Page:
Fox News judicial analyst Andrew Napolitano had some harsh words for a federal judge involved in the ongoing college admissions scandal on Monday.
The focal point of the segment on Fox Business was the decidedly harsh 9-month sentence meted out to former Pimco CEO Douglas Hodge after he admitted to purchasing his four children’s ways into their spots at two elite colleges–the University of Southern California and Georgetown University in the District of Columbia.
“I think this is an absurd sentence,” Napolitano began, “a gross overreaction on the part of the judge. For some reason–and I don’t know why–this is not the judge who has sentenced everybody else in these cases.”
U.S. District Judge Nathaniel M. Gorton called Hodge “a common thief” after the wealthy man performed a tearful allocution before the hardline sentencer. (It’s not the first time this judge has called one of these defendants a “thief“.)
“I have in my heart the deepest remorse for my actions,” Hodge said. “I do not believe that ego or desire for high social standing drove my decision-making. Rather, I was driven by my own transformative educational experiences and my deep parental love.”
Gorton, who has not determined most punishments so far, didn’t seem to appreciate that much at all—and handed down the longest sentence yet in the case.
Spurned on by Gorton’s lack of empathy, the firebrand analyst offered his own critical theory of the case:
I’ve been arguing for a long time that this is not a crime–no one was harmed. A study was done to see if anyone was bumped from the admissions because these students got in because the parents did the bribing, and nobody was because there’s an elasticity in the admission classes in these schools. I think this is a gross overreaching on the part of the prosecutors and a misguided sentence.
“This is far and away the longest–the others have averaged around 30 days; which is about 23 or 24 days in jail,” he continued. “The one everybody is waiting for, of course, is Lori Loughlin, who has pleaded not guilty. After she pleaded not guilty, the government re-indicted her on a racketeering charge, she pleaded not guilty to that and that trial should happen in the spring.”
A guest on the show made the case that Napolitano couldn’t “quantify” the damage because no one was “bumped” due to the parents of the privileged children in question–arguing that the reason for seeking criminal punishment was “about setting an example [and] to stop other rich parents” from purchasing college admission for their children.
The former judge was undeterred:
I mean, this, if anything, is a civil wrong. It’s a tort. And [the parents] ought to have been sued if anyone was harmed. The government itself did the study, because it wanted to argue–when the defense lawyers raised the argument that there’s no harm–the government wanted to argue, “Kids who didn’t get in were harmed,” and then the government did its own study and decided, “Well, nobody was really harmed,” is the government in the business of setting an example of how people should behave? What’s the difference between this and somebody who gives $10 million to NYU to get the kind into the law school there?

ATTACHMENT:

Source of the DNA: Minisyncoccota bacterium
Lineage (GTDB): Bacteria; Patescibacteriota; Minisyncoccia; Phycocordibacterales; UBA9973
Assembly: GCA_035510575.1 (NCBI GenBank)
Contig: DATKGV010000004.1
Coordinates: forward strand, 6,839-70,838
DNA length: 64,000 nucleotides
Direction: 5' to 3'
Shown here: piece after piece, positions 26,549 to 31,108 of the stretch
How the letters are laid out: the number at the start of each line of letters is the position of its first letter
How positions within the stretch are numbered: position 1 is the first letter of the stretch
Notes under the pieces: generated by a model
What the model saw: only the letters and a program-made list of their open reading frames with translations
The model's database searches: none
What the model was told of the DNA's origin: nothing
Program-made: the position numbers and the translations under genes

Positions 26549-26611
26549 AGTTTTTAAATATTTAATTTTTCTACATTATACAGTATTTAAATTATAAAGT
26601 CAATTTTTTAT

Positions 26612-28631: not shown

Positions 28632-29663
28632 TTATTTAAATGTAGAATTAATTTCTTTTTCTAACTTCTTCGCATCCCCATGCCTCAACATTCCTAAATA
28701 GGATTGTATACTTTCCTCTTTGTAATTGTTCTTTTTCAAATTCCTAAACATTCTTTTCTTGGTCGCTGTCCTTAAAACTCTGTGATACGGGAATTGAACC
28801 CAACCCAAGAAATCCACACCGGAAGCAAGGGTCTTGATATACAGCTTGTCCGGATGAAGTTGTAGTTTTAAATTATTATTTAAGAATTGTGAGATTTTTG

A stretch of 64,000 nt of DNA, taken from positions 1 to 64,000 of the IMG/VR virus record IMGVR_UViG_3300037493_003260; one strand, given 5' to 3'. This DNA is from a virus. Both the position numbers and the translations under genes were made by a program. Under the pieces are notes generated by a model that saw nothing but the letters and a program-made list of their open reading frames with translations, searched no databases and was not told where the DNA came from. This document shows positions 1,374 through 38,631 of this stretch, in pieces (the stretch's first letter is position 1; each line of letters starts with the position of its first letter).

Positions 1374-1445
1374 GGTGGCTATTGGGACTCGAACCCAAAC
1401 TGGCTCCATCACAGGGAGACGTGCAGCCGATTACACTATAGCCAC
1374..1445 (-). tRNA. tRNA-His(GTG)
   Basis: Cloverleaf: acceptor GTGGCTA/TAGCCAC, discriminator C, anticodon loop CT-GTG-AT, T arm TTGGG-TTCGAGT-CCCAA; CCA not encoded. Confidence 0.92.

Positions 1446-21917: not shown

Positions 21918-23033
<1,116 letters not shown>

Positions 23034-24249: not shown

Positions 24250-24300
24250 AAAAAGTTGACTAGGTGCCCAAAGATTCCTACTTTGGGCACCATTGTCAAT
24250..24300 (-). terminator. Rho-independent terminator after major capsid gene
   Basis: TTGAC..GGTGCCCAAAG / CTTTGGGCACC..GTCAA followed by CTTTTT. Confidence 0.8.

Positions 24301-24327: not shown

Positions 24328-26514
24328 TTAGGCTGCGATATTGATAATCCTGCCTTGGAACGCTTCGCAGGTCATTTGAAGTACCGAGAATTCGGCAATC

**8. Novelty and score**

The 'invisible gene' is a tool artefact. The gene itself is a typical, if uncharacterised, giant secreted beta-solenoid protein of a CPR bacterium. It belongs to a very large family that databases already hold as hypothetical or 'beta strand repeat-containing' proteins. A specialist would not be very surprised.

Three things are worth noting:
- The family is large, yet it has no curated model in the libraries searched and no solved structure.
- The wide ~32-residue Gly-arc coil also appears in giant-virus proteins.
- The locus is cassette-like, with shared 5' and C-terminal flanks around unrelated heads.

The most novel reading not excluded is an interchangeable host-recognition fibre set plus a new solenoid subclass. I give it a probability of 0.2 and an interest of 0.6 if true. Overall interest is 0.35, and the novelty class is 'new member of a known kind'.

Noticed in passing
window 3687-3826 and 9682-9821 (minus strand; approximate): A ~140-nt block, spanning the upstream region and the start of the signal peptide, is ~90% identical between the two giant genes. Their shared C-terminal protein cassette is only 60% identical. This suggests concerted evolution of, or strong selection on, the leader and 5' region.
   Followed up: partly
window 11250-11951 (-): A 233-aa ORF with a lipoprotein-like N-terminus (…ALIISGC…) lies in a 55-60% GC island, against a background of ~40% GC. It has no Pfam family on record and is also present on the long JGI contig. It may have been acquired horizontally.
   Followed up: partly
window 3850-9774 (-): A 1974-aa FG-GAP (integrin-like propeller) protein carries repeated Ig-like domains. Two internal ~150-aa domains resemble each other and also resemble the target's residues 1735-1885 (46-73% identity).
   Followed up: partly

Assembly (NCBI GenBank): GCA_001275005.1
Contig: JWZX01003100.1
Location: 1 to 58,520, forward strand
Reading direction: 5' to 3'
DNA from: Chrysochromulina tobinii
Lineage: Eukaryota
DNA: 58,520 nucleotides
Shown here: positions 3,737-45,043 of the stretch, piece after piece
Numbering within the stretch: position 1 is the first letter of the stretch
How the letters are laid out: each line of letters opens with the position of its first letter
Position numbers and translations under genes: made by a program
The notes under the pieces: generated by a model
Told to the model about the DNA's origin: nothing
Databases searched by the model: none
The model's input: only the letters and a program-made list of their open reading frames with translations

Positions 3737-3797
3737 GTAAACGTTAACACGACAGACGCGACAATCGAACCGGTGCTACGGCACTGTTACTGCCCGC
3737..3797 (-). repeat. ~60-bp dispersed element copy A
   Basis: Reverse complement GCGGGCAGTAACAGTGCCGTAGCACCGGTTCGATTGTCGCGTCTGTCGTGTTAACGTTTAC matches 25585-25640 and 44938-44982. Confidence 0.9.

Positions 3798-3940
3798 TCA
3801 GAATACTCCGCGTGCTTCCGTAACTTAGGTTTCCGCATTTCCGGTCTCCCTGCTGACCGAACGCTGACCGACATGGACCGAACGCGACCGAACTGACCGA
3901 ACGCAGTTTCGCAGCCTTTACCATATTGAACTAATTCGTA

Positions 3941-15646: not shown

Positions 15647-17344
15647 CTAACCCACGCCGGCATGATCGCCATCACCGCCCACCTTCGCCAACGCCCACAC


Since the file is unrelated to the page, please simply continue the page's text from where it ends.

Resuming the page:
Fox Business host Maria Bartiromo began pushing back at this point.
Napolitano half-joked: “I just picked on NYU because you’re on the board–I’m not critical of NYU.”
“Well, wait a second,” Bartiromo said repeatedly. “Wait a second. The difference is they lied on the application and said ‘My kid is on the track team,’ and ‘My kid is an expert,’ whatever, to get them in.”
“Is that the business of the federal government?” Napolitano asked. “That’s why I said it’s a civil wrong. It’s a tort.”
Bartiromo went on: “What about those kids who really were on the track team? What about those kids who really were good enough to get the scholarships and to get money? What about those kids? Did they not get wronged by somebody who’s paying up for their kid to get in?”
“I just don’t see how that is a federal criminal charge,” Napolitano continued.
“There’s only a certain limited amount of spots that kids can get in,” Bartiromo replied.
“The government was unable to make that argument,” Napolitano reiterated, “because of the elasticity in the admission classes.”
Napolitano then cautioned that he didn’t think everything that occurred was on the up-and-up.
“This is not appropriate behavior,” he said, “but I don’t think it’s a crime under the Constitution.”
Another guest offered that the federal government was interested in the Varsity Blues scandal largely because the colleges at the center of the controversy all receive federal funds.
To which Napolitano offered his trademark libertarian critique:
If the federal government is going to intervene every time somebody tells a white lie, who doesn’t work for the entity that receives the money, the federal government is going to micromanage everything.
[image via screengrab/Fox Business]